To the rest of the NFL: But let’s not mistake an improved Redskins D-line for one of the better units in the league. While it’s tough to compare a 3-4 line to a 4-3 front, it still would be quite a leap for the Redskins to move from the bottom of the pack to the lower middle. Tomsula inherited a multi-year rebuild; one draft pick and a couple of free agents are not going to transform the line into a force. Bottom third

RELATED: 2017 OUTLOOK: WIDE RECEIVER

2017 outlook

Biggest upside: Since I used his name in conjunction with that of Dave Butz above, that has to be Allen. He has both the physical ability and the mental makeup to be a very, very good one.

Most to prove: Nearly every player on the line has something to prove but only Phil Taylor has been out of football for the last two years. He has worked his way up from a brief retirement to a futures contract with the Redskins to a roster long shot to a probable starter. But he still only has 21 preseason snaps under his belt and he has a long way to go before he reestablishes himself as a legitimate NFL player.

MORE REDSKINS: REDSKINS-PACKERS MUST-SEE PHOTOS

Rookie watch: The only rookie with a realistic shot at making the roster is Allen. His Nick Saban-Alabama background has him well prepared to handle the scrutiny that comes with being a top draft pick and the expectations that come with playing in a place like Washington.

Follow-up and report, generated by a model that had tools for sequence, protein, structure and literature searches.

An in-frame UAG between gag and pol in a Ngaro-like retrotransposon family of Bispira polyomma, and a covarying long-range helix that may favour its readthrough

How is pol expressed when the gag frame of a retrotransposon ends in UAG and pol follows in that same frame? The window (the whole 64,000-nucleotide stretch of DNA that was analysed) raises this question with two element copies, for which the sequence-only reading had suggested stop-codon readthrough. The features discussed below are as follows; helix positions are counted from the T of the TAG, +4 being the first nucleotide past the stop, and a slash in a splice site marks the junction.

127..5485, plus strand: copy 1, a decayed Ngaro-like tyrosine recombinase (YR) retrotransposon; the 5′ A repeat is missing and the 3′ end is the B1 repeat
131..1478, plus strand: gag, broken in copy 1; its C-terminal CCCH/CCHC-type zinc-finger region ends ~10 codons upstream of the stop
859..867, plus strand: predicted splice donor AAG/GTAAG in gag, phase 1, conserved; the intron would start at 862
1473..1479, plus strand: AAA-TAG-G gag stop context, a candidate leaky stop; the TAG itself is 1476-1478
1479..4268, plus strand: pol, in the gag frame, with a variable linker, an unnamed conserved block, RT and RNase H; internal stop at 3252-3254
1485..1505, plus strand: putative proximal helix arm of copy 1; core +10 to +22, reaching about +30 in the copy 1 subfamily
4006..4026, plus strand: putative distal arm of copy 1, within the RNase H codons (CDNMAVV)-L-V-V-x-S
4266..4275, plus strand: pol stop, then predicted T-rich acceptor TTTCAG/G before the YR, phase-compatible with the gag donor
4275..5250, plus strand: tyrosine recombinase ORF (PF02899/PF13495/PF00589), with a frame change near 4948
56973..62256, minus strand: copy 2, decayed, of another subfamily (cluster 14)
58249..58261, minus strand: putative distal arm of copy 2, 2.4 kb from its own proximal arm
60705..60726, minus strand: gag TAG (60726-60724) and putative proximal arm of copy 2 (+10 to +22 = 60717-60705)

Bottom line: The best-case scenario here is that Taylor anchors the line in the middle, Allen’s learning curve is short, Lanier contributes six sacks in a nickel role, and the rest of the players make up a good rotation. Anything more would be a big bonus. Anything less would be back to being one of the worst defenses against the run.

Quote-unquote

Jay Gruden on Phil Taylor:

Well, I’ll tell you, I was in Cincinnati for three years when he was at Cleveland and I know what a force he can be at nose. He was tough to deal with, he really was. We had him for a workout, and I didn’t even know he was on the streets. His knee looked better. He was in good shape. He had a whole offseason and did some good things. I think his body is finally back to where he feels really good. He’s moving around, he’s active, he’s strong, so I like where he is right now. He’s just got to continue to maintain it.

Stay up to date on the Redskins. Rich Tandler covers the team 365 days a year. Like his Facebook page Facebook.com/TandlerCSN and follow him on Twitter @Rich_TandlerCSN.